I’ll take it!
As reported last week, I had no idea what to expect for my pseudo pro-debut. A lot has changed since my last race 7 months ago. But here’s the bottom line, and the gist of this report:
- Finished 5th – my highest finish ever in a pro race.
- Fastest run – 1:47 faster than next fastest Pro.
- The most prize money I’ve ever earned (5th place + Run Bonus). Let’s be honest, basically the only prize money I’ve ever earned.
So as hard as I typically am on myself, I’m happy with those stats for a season opener! Here’s how it broke down:
Swim: 12th fastest (out of 15 pros), 23:57
Yeah…not so happy with the swim. I did a ton of swim work over the last 4-5 months, and made significant gains in the pool. I just didn’t translate those gains to the open water. There were factors that didn’t help – no wetsuit allowed, I didn’t have a swim skin (didn’t even know those existed until right before the start) and the swim course was supposedly a little long. But none of those factors makes even close to the 3-4 minutes I lost on most of the pro guys. I certainly didn’t expect to be swimming with the lead pack, but I did expect to be much faster than last year, and that didn’t happen. However, in a glass is half full kind of way, it’s encouraging, because my training tells me I’m faster than that, and when I put it together in open water, I’ll have a shot at some great results.
***Low Point of the Race – Already pretty bummed, the women’s leader (who started 2-3 minutes after me) passed me with about 200 meters to go. Even Lower Point of the Race – when I realized what was happening and tried to catch her draft.…but couldn’t. Now that, my friends, is demoralizing.
Bike: 5th fastest, 55:48 (Garmin File)
First off, I’m proud of myself for following my plan and not getting too down mentally after the swim. After passing the lead woman shortly out of transition (booyah!) I did exactly what I was supposed to – ease into the first 5-10 miles and go hard from there. My wattage splits for each third of the race were roughly 330, 350, 360, with an average of about 345. That’s a HUGE improvement from my last olympic race, where I averaged less than 310. For those of you who aren’t wattage geeks, or have no idea what I’m talking about, my speed increased as well – 25.5, 26.2, 28.8 mph (bit of a tailwind on that last one). And yes, my new Rolf Prima wheels were crazy fast!
I know I can improve both my power output (I probably went out too easy, was about 320W after first 10 minutes), but I think there’s also room to improve my aerodynamics. While talking riding position with Andrew Yoder (a really nice guy and the men’s winner in a stellar race) his first question was, “Were you the guy wearing the blue helmet?” After saying yes, he said “Yeah, I noticed you out on the course because you’re head was so high.” Point taken.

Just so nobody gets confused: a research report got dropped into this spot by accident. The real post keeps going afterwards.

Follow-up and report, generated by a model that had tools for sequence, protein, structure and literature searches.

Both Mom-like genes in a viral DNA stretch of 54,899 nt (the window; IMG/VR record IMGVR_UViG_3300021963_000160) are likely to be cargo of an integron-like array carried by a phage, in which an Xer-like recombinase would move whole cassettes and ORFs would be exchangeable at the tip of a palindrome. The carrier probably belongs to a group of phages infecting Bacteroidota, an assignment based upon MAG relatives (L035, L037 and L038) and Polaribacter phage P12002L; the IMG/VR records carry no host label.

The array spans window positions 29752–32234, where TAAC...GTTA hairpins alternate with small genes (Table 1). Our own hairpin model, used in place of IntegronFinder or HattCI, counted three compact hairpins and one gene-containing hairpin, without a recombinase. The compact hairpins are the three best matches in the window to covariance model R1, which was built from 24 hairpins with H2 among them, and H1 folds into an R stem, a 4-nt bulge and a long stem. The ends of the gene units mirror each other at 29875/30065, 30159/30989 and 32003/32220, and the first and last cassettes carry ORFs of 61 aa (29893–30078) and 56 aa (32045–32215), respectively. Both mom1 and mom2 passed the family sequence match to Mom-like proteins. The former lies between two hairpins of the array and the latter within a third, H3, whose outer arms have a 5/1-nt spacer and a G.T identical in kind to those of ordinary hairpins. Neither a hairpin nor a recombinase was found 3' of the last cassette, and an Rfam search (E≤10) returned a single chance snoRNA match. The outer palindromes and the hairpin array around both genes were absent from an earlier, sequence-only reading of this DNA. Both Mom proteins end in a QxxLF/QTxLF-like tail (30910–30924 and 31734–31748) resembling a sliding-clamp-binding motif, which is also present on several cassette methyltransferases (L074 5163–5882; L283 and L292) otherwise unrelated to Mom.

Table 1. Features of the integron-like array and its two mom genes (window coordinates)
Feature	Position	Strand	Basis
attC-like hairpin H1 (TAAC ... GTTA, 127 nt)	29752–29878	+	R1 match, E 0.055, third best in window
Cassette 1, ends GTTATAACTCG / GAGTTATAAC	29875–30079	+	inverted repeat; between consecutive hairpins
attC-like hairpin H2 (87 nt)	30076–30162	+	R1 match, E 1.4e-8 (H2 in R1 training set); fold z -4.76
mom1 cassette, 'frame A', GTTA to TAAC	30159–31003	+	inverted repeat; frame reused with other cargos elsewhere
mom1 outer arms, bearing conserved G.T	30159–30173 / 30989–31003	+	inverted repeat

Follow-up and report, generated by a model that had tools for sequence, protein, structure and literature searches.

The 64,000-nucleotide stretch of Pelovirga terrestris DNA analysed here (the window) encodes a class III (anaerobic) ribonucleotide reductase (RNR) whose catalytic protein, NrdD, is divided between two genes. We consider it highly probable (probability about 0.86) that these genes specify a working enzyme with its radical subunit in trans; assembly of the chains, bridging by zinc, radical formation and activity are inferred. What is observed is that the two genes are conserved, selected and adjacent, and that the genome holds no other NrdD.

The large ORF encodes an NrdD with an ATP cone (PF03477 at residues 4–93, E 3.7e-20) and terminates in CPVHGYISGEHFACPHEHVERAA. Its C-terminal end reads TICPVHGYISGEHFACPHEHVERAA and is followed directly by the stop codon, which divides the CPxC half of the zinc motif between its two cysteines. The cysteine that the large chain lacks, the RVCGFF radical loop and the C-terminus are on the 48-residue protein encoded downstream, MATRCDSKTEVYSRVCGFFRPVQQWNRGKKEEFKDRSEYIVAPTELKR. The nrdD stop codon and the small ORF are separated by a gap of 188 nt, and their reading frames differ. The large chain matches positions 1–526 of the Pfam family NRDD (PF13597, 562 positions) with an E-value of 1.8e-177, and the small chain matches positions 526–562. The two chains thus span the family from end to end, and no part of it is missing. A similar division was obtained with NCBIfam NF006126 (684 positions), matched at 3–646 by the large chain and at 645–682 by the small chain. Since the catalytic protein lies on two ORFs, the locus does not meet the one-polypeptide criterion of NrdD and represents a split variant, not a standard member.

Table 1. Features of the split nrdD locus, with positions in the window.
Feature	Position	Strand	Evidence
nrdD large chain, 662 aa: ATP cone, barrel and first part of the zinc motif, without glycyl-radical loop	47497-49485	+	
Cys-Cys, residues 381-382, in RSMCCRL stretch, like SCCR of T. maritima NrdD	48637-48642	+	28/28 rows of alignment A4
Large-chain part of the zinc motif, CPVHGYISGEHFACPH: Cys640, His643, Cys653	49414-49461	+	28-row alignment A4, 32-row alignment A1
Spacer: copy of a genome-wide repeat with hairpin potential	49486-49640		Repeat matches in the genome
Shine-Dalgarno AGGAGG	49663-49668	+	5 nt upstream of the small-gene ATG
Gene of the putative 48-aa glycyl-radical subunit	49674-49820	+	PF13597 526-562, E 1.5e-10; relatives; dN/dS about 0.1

***High point of the race – at 6 miles to go I passed 3 guys in a row and felt pretty good. With the next guy way down the road in my sights, I used my Stuart Smalley-esqu positive affirmations, but with the energy of a rock band lead singer, and literally yelled to myself “You’re killing it dude! Keep it rolllliiinnnn!”
Run: 1st fastest, 32:19, Garmin File
At the first turnaround near mile 1, I clocked the 5th and 6th place guys about 1:40 in front of me. I’m confident in my run, but that was a big gap to make up in 5 miles. I picked it up (dropping from 5:16 first mile to 5:04 second mile). Then my stomach told me that it would throw up if I kept running that pace. So I slowed down, settled in and kept taking splits at every opportunity, hoping to reel those guys in. I passed 6th at 4.5 miles, 5th at just over 5 miles. The prize purse payed to 5 places, so at this point the motivation to catch 4th (~40 seconds up) was counter-balanced pretty heavily with the desire to not die. I gave a solid 2-3 min push, but he saw me coming and picked it up. When I felt it wasn’t in the cards, I cruised in (aka gave up) the last .3 miles and made a half attempt at a fake relaxed smile across the finish line.
Overall – 5th Place, 1:53:51, Full Results Here (scroll to bottom)
Like I said, all things considered, I’m pretty happy with it. I haven’t done much (if any) Olympic speed training, and I had my fastest Olympic race ever. Even with a bad swim, I was fairly close to some big names in the sport. Certainly a great place to start, with some obvious places to improve.
Bonus Fun Fact: Song in my head during entire race – “Invisible Touch” by Phil Collins. Random? Yes, but it was actually a decent song to race to. Let’s just say if it happens again, I won’t complain.
First and foremost, Eric & Betsy Von Dohlen for their super generous hospitality over the weekend. They’re even letting me stay until I head down to Galveston. They’ve been fantastic hosts, very kind, taking me swimming, biking etc. Eric is an accomplished triathlete and has a very cool tri-coaching business anyone in the Houston area should check out (one of his female athletes was the 2nd overall amateur at this race, solid!). Thank you guys soooo much.
Aaron Palaian, Greg Johnson, Brad Stevenson and the rest of the Kemah Tri crew for a fantastic event. They treated me very well, calmly dealing with a multitude of random questions from a newbie pro. If you can ever make it to one of their races, you will not be disappointed. I’m certainly planning on coming back next year. Thanks guys!
Rolf Prima guys Brian Roddy and Joel Wilson for getting my new wheels up and ready before this race. Brian delivered the wheels, and Joel patiently taught me how to glue tubulars over the course of 2 days. Thanks guys! They also raced well (Joel’s first tri) at the Beaver Freezer.